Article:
What To Consider Before Buying Your First Motor Bike
There’s no doubt about it: anyone who has ever owned a motorcycle will probably tell you that there is nothing in the world quite like it.
If you’ve decided to buy your first motorcycle, get ready to adopt a new lifestyle filled with sunny days, long and winding roads, cool gear, and plenty of adventure. If you’re just starting out, here are some key points that you might want to consider before you buy your first bike.
#1 Rider safety courses are a great way to learn the basics.
They usually last 2 or 3 days, but you can probably find a longer course if you want. If you take one of these courses, you might receive as much as a 20% discount on your insurance. Most riders will probably tell you that if you have no experience, a safety course is a must.
#2 Decide on the type of bike you want to ride.
There are three basic seating positions: feet back, feet center, and feet forward. Sport bikes usually place the rider in a more aggressive, feet-back position. A typical “standard” bike will allow you to ride with your feet directly beneath your knees. These types of bikes are great for beginners because they are easy to handle as well as being very comfortable.
Many “cruiser” models employ a feet-forward position. These bikes are also good for beginners, but it is a matter of personal preference. The feet-forward position will allow you to stretch out a bit more, while still maintaining the cruiser type of feeling. You should go to dealerships and sit on the various types of motorcycles before deciding on the position you like best.
#3 Decide on how much power you will need.
You will hear many different perspectives on how much power is good for a first bike. The answer is: it depends on the rider. For highway cruising, a 600cc engine will be more than enough. For the city, a 250cc-500cc engine will provide adequate power.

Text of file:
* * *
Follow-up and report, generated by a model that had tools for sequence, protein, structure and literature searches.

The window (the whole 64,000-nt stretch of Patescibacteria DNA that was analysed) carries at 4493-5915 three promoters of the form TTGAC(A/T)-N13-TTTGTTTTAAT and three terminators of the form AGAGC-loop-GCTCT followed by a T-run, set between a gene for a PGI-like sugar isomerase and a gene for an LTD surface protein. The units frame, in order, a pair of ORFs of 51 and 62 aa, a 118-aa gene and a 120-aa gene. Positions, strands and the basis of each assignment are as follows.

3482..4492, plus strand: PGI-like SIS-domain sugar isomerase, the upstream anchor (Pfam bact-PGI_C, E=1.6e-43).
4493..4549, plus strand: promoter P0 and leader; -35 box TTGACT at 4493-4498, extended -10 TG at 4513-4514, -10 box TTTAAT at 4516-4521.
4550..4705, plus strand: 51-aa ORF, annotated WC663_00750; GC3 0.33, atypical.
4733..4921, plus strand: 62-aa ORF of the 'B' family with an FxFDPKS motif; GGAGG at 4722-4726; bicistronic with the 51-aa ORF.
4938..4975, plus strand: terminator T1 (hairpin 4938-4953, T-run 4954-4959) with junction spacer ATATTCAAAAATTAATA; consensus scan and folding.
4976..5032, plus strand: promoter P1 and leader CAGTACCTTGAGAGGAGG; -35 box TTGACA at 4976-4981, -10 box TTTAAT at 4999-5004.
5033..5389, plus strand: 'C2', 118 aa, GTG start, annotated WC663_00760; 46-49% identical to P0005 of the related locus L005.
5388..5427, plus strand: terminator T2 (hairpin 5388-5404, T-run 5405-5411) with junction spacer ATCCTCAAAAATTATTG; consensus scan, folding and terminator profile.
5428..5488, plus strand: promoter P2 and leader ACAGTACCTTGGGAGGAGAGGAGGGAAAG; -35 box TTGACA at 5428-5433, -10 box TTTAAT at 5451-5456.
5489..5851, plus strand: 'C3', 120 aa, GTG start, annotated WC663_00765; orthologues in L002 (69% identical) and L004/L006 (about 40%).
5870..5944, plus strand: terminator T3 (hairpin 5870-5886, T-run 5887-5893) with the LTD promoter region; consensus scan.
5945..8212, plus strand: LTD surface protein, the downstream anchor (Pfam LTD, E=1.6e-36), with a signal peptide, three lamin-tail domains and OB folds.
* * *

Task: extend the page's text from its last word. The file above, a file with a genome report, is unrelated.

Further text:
Motorcycles with engines larger than 600cc’s are also just fine for beginners. One thing to keep in mind is that an 800cc engine in one motorcycle might produce the same amount of horsepower as a 1000cc engine in another bike. Engine size does not necessarily equate to increased safety or ease of operation. It really depends on the bike.
#4 Do your research.
Not all motorcycles are constructed in the same manner. Look up repair history, search through video reviews, and listen to what
experts have to say. It might save you from making a bad decision.
#5 If possible, ride a friend’s bike.
The more riding experience you get under your wing, the more informed you will be when it comes to making the big purchase.
#6 Research safety gear.
Along with your motorcycle, you will want a good helmet, a good pair of riding gloves, and a quality pair of boots. At the minimum, those three items will keep you protected in case of a fall. Some riders also opt to wear protective suits and even armor. The world of motorcycle accessories is vast and there are many excellent products that will make your experience safer and more enjoyable.
#7 When it comes time to actually make the purchase, bring the prospective motorcycle to a reputable mechanic for inspection.
It may cost you a little time and money up front, but the peace of
mind that you will receive (and lack of costly repairs) will be priceless.
#8 In order to get the best deal possible, use websites that give accurate and realistic assessments of value.
If you are buying new, there won’t be much room for negotiation. But if you are buying a used bike and you have really done your research on the model, you can get a great deal.
#9 Insure, register, and get the bike inspected.
It is also a good idea to save all paper work for tune-ups and repairs, just in case you want to sell the bike at some point down the road.
#10 Have a great time.
Motorcycling is safe and fun when proper riding technique is utilized. Welcome to the club! VIGOROUS
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